Japan Airlines Boeing 777-200 experienced an inflight engine failure

Japan Airlines Boeing 777-200 with registration JA8978 heading from Okinawa-Naha Airport to Tokyo-Haneda Airport on December 4, 2020, experienced an inflight engine failure. An intense explosion was noticed on Flight JL904 from Pratt and Whitney engine number 1 after twenty minutes of takeoff. The pilot wanted to make an emergency landing at Naha airport and, with 178 passengers, including 11 crew members, switched the aircraft back to Naha. At around 14,000 feet, the pilots halted their ascent and headed to Naha, landing safely 30 minutes later. The crew and passengers both reported that they were healthy.

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Delta Airlines Engine Cowling falls off from 28,000 feet

The initial analysis found that throughout the flight, the engine cowling seems to have fallen off. The Japanese Ministry of Land, Infrastructure, Transport, and Tourism said that two fan blades became severed from the root.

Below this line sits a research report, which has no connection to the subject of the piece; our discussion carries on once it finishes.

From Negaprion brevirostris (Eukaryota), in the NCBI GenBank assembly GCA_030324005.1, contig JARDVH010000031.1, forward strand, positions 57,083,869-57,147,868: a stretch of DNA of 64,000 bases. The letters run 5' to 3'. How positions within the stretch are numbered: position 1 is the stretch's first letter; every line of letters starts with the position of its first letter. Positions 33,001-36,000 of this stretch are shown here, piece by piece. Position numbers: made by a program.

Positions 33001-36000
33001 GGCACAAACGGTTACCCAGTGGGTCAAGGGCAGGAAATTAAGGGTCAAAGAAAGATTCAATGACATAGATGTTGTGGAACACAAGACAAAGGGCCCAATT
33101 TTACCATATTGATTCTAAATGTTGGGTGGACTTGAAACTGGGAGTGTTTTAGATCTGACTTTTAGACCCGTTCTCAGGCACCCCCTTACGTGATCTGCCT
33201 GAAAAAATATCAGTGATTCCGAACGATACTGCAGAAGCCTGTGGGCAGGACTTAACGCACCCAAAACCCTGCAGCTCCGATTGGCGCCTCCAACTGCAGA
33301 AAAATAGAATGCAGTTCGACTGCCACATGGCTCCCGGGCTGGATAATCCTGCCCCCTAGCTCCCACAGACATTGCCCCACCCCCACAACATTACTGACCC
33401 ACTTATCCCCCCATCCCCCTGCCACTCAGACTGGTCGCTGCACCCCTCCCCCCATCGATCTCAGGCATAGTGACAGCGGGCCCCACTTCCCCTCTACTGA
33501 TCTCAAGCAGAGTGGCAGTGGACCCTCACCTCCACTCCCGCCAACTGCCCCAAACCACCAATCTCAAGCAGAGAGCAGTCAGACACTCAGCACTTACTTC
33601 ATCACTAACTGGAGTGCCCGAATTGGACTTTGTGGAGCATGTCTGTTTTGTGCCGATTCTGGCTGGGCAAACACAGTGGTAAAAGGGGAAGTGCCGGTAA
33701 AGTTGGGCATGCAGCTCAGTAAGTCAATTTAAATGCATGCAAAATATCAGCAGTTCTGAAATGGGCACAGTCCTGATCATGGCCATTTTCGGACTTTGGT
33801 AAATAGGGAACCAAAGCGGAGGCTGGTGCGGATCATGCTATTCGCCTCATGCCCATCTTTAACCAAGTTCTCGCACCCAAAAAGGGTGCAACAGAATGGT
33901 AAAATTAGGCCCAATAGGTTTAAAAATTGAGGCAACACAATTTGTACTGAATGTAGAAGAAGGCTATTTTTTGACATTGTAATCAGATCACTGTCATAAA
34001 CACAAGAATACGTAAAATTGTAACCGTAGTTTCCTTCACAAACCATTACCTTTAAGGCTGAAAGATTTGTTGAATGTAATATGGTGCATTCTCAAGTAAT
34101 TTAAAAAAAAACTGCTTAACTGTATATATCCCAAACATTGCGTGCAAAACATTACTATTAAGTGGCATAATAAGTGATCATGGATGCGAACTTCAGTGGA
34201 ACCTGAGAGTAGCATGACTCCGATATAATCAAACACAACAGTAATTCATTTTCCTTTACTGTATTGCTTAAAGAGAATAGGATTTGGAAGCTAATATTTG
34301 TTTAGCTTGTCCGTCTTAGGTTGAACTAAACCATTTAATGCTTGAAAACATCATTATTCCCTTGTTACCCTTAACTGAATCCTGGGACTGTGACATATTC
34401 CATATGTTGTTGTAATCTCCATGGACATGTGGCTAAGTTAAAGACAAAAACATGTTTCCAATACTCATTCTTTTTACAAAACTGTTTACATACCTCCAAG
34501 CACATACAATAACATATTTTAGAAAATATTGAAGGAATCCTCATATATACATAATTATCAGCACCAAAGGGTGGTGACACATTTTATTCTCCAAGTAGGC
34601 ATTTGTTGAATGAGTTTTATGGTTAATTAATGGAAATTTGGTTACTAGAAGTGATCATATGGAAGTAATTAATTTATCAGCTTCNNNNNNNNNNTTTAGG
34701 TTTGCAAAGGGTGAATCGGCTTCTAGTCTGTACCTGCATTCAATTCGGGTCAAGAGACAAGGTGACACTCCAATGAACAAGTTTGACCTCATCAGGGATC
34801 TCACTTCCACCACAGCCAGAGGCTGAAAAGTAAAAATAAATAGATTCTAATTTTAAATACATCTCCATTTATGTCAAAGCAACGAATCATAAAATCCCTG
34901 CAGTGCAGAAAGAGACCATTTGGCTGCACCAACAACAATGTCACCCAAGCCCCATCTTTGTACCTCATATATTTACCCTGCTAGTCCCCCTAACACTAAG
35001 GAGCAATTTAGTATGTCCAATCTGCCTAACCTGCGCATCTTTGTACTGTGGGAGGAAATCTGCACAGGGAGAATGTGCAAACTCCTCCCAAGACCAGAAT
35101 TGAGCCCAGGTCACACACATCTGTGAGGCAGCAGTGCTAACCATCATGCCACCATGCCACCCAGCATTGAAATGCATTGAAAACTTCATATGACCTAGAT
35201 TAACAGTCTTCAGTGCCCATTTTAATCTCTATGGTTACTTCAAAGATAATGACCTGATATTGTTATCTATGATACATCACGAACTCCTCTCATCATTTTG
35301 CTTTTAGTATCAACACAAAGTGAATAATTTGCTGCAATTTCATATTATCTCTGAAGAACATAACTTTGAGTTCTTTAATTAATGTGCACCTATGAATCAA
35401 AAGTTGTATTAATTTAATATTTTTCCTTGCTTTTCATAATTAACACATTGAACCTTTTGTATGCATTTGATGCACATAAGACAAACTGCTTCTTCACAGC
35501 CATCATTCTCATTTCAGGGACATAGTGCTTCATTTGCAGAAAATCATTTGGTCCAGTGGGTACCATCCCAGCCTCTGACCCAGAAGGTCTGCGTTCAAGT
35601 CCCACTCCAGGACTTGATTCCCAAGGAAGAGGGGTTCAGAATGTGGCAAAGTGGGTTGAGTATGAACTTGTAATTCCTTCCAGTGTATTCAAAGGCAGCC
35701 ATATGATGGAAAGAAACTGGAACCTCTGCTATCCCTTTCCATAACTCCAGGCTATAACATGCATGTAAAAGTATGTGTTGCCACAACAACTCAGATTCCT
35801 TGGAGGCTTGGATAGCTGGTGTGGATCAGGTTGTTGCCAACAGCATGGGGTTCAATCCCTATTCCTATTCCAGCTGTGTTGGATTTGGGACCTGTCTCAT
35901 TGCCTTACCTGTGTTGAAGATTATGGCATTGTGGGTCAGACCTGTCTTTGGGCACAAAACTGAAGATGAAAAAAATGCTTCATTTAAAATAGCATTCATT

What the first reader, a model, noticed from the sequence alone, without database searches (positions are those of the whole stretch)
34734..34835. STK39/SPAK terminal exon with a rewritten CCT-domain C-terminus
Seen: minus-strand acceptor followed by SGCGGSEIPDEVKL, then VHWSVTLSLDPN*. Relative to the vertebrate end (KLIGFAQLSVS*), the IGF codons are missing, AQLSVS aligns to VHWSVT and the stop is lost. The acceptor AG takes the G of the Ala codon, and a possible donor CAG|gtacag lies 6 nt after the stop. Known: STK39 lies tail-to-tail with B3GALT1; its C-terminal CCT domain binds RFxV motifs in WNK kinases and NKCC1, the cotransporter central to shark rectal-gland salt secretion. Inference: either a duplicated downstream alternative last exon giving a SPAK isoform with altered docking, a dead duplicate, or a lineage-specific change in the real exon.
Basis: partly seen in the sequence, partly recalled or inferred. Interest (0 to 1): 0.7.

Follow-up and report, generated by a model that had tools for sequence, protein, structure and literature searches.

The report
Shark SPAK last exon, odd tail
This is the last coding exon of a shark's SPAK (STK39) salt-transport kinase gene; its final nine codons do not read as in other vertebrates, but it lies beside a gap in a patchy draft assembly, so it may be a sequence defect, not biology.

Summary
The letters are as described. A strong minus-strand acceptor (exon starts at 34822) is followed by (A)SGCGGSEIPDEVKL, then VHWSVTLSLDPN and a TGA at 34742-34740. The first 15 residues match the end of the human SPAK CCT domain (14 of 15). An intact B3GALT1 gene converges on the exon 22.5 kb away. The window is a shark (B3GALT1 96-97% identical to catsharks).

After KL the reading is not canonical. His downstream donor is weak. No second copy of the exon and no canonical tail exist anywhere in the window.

About The Aircraft

As per the AV Herald, JA8978 was the aircraft involved and first operated in June 1997; the jet is 23.5 years old. It was shipped that month to Japan Air System, before being moved in April 2004 to Japan Airlines Domestic, and in October 2006 to Japan Airlines.

History of the same event

After the engine cowlings on both engines were cut clean off during takeoff, a British Airways owned Airbus A319 aircraft was compelled to undertake an emergency landing in 2013. The cowling section was pulled onto one of the turbines, contributing to a fire that caused the runway to be evacuated.

Investigators concluded that during scheduled repairs, aircraft mechanics had failed to secure the cowling covers.

The engine cowling on an Airbus A330-200 of China Eastern Airlines collapsed in 2017 and was ingested into the engine, but thankfully there were no recorded casualties. Sadly, a traveler died in a 2018 crash affecting a Boeing 737 run by Southwest Airlines when part of the cowling was pulled away from the engine and punctured a window opening. 

In that crash, a faulty fan blade that had slipped free from the engine destroyed the cowling. Therefore, to avoid a similar tragic accident, Boeing was instructed to modify certain engine cowlings’ configuration.

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